LSE rebuffs takeover bid from Hong Kong exchange citing ‘fundamental flaws’

London Stock Exchange mentions protests in Hong Kong among reasons for rejection and says it sees no merit in further talks

The London Stock Exchange Group has soundly rejected a £32bn takeover bid from its Hong Kong counterpart, listing a host of reasons including the protracted protests in Hong Kong.

Hong Kong Exchanges and Clearing (HKEX) surprised markets on Wednesday by announcing that it had offered to buy the London group. Analysts said it is likely the move was partly driven by the weakness of the pound.

The board of the London Stock Exchange (LSE) Group responded to the approach on Friday, four days after receiving it, saying it “unanimously rejects the conditional proposal and, given its fundamental flaws, sees no merit in further engagement”.

In a letter to HKEX, the LSE wrote that it does not see strategic merit for the group in the tie-up, and that regulatory and government support for the deal is “highly uncertain”.

Will Howlett, an analyst at Quilter Cheviot, echoed these doubts in a comment on the HKEX’s proposal. He noted “real risk that politics would disrupt this deal, with the UK ‘losing’ an industry leader, particularly at a time when Brexit may elevate such sensitivities”.

The LSE also criticised the amount on the table, saying the offer significantly undervalues the group. It added that three-quarters of the £31.6bn bid was made up of HKEX shares whose value it called “inherently uncertain”.

“The ongoing situation in Hong Kong adds to this uncertainty,” the LSE wrote.

Massive and increasingly violent protests against a proposed extradition law have rocked Hong Kong since June. The legislation would allow criminal suspects to be sent to mainland China to stand trial in courts controlled by the Communist Party. In contrast, Hong Kong has an independent judiciary.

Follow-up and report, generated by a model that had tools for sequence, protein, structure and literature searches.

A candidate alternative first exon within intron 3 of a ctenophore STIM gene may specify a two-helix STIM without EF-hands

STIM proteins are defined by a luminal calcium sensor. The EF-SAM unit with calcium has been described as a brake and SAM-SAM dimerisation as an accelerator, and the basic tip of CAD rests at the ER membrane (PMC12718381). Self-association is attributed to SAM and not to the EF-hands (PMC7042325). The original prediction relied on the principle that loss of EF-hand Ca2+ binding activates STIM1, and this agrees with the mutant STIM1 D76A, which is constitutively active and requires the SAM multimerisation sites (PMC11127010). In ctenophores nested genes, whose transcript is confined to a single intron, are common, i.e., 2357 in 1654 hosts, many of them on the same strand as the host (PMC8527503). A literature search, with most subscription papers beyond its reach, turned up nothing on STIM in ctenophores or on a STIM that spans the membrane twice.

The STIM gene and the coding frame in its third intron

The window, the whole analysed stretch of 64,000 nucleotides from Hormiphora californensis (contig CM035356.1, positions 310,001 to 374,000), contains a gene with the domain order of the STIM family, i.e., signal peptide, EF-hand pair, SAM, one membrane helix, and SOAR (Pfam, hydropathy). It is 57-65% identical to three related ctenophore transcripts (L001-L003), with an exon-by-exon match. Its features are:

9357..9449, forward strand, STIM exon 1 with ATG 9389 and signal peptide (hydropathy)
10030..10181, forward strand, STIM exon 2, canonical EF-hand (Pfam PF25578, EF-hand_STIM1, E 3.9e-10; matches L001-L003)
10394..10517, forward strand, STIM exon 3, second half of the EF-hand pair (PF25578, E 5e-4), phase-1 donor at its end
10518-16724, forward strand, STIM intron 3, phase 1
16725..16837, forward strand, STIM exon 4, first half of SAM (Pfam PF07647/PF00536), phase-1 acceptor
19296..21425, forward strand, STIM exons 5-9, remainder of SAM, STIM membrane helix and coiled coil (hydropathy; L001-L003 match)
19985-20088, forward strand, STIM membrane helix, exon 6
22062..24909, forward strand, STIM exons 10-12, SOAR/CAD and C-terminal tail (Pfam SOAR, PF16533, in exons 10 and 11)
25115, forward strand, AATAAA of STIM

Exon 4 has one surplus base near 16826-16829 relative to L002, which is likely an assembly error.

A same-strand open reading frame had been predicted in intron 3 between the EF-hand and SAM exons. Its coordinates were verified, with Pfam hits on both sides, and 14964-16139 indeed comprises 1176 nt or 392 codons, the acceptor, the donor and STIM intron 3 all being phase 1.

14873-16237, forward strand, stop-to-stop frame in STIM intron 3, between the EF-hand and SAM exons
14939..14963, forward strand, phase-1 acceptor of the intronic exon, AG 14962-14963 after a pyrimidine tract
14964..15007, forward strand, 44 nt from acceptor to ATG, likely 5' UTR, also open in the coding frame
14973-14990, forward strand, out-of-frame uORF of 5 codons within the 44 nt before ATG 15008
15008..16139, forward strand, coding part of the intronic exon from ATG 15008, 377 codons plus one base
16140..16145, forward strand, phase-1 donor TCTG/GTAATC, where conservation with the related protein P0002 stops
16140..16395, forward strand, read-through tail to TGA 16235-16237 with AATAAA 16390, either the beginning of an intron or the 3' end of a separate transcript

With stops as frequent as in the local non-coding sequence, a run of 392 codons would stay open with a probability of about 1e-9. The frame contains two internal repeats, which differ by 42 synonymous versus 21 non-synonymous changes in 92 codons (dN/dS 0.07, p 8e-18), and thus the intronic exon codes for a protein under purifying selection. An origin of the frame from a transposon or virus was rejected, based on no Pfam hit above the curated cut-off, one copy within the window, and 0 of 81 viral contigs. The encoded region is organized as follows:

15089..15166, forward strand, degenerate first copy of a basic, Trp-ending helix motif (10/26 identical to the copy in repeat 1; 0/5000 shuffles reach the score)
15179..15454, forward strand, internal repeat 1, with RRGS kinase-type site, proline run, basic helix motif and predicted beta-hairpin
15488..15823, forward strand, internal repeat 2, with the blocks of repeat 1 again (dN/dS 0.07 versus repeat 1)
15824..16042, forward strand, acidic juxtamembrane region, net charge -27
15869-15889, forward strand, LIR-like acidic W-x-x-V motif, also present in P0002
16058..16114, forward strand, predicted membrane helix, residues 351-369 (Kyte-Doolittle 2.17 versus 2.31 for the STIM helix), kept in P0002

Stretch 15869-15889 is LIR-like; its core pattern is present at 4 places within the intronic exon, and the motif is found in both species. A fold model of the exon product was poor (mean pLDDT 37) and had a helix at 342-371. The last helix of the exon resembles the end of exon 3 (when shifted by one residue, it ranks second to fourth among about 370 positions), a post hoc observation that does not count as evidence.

The unrest has continued despite the leader of Hong Kong formally scrapping the extradition bill, as the demonstrations have broadened into wider calls for democracy.

HKEX responded to the LSE’s letter, saying it is “disappointed” that the London group has declined to discuss its proposal. It added that it will continue to engage with LSE shareholders.

Register for free to continue reading

Registration is a free and easy way to support our truly independent journalism

By registering, you will also enjoy limited access to Premium articles, exclusive newsletters, commenting, and virtual events with our leading journalists

Please enter a valid email
Please enter a valid email
Must be at least 6 characters, include an upper and lower case character and a number
Must be at least 6 characters, include an upper and lower case character and a number
Must be at least 6 characters, include an upper and lower case character and a number
Please enter your first name
Special characters aren’t allowed
Please enter a name between 1 and 40 characters
Please enter your last name
Special characters aren’t allowed
Please enter a name between 1 and 40 characters
You must be over 18 years old to register
You must be over 18 years old to register
Opt-out-policy
You can opt-out at any time by signing in to your account to manage your preferences. Each email has a link to unsubscribe.

By clicking ‘Create my account’ you confirm that your data has been entered correctly and you have read and agree to our Terms of use, Cookie policy and Privacy notice.

This site is protected by reCAPTCHA and the Google Privacy policy and Terms of service apply.

Already have an account? sign in

By clicking ‘Register’ you confirm that your data has been entered correctly and you have read and agree to our Terms of use, Cookie policy and Privacy notice.

This site is protected by reCAPTCHA and the Google Privacy policy and Terms of service apply.

Register for free to continue reading

Registration is a free and easy way to support our truly independent journalism

By registering, you will also enjoy limited access to Premium articles, exclusive newsletters, commenting, and virtual events with our leading journalists

Already have an account? sign in

By clicking ‘Register’ you confirm that your data has been entered correctly and you have read and agree to our Terms of use, Cookie policy and Privacy notice.

This site is protected by reCAPTCHA and the Google Privacy policy and Terms of service apply.

Join our new commenting forum

Join thought-provoking conversations, follow other Independent readers and see their replies

Comments

Thank you for registering

Please refresh the page or navigate to another page on the site to be automatically logged inPlease refresh your browser to be logged in